Elon community to commemorate the history of Sept. 11 with events this week

Among the events is a roundtable discussion Wednesday featuring President Emeritus Leo Lambert, among others, will be held at Elon Community Church and discuss the long-lasting impact of the Sept. 11 attacks on the Elon campus and its community.

For the 20th anniversary of the deadly terrorist attacks of Sept. 11, 2001, Elon University will commemorate those lost and affected on that day with a series of events and ceremonies.

A central event will be “Elon and 9/11: A Retrospective,” a roundtable discussion scheduled for Wednesday, Sept. 8, at 7 p.m. at Elon Community Church at 271 N. Williamson Ave. President Emeritus Leo Lambert, professors Ann Cahill and Ann Bolyn, Chaplain Emeritus Richard McBride and Assistant Vice President for Annual Giving and Alumni Engagement Brian Feeley ’03 will be the panelists at the event.

Members of the Elon University community gathered in Alumni Gym on Sept. 12, 2001, to reflect on the terrorist attacks the day before.

Mark Dalhouse, director for global educational initiatives and assistant professor, is one of the organizers of the discussion, and said the location was selected because the church was where people first started gathering following news of the attacks. “The panelists will be remembering the day, they’ll be talking about how 9/11 has impacted the institution and students and alumni,” Dalhouse said. “I think it’s going to be a really rich evening.”

On Sept. 11, 2001, the Elon University community had gathered for College Coffee, as they have every Tuesday morning since 1984. This particular College Coffee was a special one with the grand opening of Rhodes Stadium and the first actual home football game in Elon’s history coming up that Saturday.

The next day, over 1,000 students, faculty and staff gathered in Alumni Gym to share their thoughts and reflect on what they had experienced in the last 24 hours and what the future could potentially hold.  

On the 10th anniversary of the attacks, the university collected remembrances of how the attacks were processed on campus. Among those contributing their thoughts was Jana Lynn Patterson, associate vice president for student life and dean of students.

“It was to be a special College Coffee to celebrate Rhodes Stadium and the morning was beautiful, a perfect Elon morning,” said Patterson said in 2011. “I was at Fonville Foundation making last-minute preparations for the celebration. A few minutes last, Dr. Lambert convened the Emergency Response Team, and he made the announcement at College Coffee. I spent much of the rest of the day with students from NYC and D.C. areas trying to connect them with their loved ones.”

Read more reflections from 2011 on the attacks from members of the community here.

The hope is that this week’s events will provide members of the community to again reflect on the attacks and their impact. Dalhouse, who teaches a class on the Sept. 11 attacks, said he had the idea for how to commemorate the 20th anniversary for some time. After conversations with Lambert, Feeley and Brian Pennington, director of the Center for the Study of Religion, Culture and Society, Dalhouse said the idea of the roundtable was formed.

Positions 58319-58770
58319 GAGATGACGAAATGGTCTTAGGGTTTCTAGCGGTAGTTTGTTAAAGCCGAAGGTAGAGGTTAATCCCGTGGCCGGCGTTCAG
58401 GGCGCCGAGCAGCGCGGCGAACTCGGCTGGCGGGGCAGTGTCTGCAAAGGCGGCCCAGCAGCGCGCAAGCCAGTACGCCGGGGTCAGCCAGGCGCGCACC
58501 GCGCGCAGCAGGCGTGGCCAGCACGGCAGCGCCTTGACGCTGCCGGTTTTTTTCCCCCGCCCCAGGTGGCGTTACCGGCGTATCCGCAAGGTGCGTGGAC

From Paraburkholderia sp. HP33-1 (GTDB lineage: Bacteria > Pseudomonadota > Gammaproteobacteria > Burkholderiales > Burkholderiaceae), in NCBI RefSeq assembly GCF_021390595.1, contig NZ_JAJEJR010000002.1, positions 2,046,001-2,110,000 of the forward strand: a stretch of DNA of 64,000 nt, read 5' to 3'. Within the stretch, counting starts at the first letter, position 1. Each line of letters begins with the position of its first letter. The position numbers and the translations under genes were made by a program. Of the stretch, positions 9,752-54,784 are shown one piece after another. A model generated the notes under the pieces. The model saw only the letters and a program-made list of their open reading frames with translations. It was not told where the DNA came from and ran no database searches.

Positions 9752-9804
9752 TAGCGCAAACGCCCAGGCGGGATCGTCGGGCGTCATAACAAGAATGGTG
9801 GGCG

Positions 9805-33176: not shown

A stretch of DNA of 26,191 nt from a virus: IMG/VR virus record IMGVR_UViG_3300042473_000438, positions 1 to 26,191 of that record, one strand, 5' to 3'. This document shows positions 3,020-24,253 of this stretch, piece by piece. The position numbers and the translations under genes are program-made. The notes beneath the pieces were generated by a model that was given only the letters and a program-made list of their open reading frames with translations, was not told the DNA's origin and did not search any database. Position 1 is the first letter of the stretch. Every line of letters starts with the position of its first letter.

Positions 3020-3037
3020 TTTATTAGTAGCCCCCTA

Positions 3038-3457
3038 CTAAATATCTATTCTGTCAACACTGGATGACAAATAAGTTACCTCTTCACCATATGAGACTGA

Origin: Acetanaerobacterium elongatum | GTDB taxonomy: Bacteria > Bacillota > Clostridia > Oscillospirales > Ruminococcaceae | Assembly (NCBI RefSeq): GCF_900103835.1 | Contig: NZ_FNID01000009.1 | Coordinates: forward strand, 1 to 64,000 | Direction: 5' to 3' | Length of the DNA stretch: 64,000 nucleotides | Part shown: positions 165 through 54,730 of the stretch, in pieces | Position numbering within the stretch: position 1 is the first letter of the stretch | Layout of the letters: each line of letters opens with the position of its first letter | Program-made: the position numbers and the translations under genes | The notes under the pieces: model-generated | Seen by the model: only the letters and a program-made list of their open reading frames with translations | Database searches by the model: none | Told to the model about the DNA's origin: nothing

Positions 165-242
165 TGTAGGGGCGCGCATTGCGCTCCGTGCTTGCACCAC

Student mourn the lost of nearly 3,000 in the Sept. 11 attacks in Alumni Gym the next day.

Dalhouse said he hopes people who attend the event will walk away from the roundtable with a greater sense of how the trauma that resulted from the global paradigm shift impacted campus. Many members of the current generation of students were not alive in 2001, he said, so it’s important to keep the history and memory of those affected by the attacks alive.

“I think it’s important to remember, but in remembering to look ahead and see what we can take from the past that can make us informed global citizens today,” Dalhouse said.

Other commemorative events for Sept. 11

Tuesday, Sept. 7

  • At a special College Coffee at 9:40 a.m., President Connie Ledoux Book will offer remarks to commemorate the Sept. 11 attacks.

Thursday, Sept. 9

  • At 9:50 a.m., the Thursday morning inspiration series Numen Lumen will be center around “reflections.” Thursday through Saturday there will be a historical and memorial poster exhibit from the 9/11 Memorial and Museum in the Sacred Space, with memorial altar highlighting different dimensions of loss and suffering created by the Truitt Center. Anyone is welcome to drop by and explore the exhibit.
  • At 4:30 p.m., a faculty panel sponsored by the International and Global Studies program and the Political Science and Policy Studies Department will discuss “20 Years After: The Legacies of 9/11 and the ‘war on terror’.” The panel will include Professor Jason Kirk, Assistant Professor Sandy Marshall, Associate Professor Baris Kesgin, Professor Safia Swimelar and Professor Sarah Wagner of George Washington University. Full details are available here.
  • At 7:30 p.m. in the Lakeside Meeting Rooms, the Student Government Association will host its September Town Meeting devoted to remembering the Sept. 11 attacks, as well as how students have dealt with some of the more significant topics in recent years, such as COVID-19, school shootings, race relations and political division.

Saturday, Sept. 11

  • At 8:30 a.m. in the Numen Lumen Pavilion, Elon will host a multifaith breakfast and brief ceremony commemorating the attacks and those lost.

Helping plan and coordinate events this week are the Isabella Cannon Global Education Center, President’s Office, the Truitt Center for Religious and Spiritual Life, the Provost’s Office and the East Neighborhood for Civic Engagement and Social Innovation.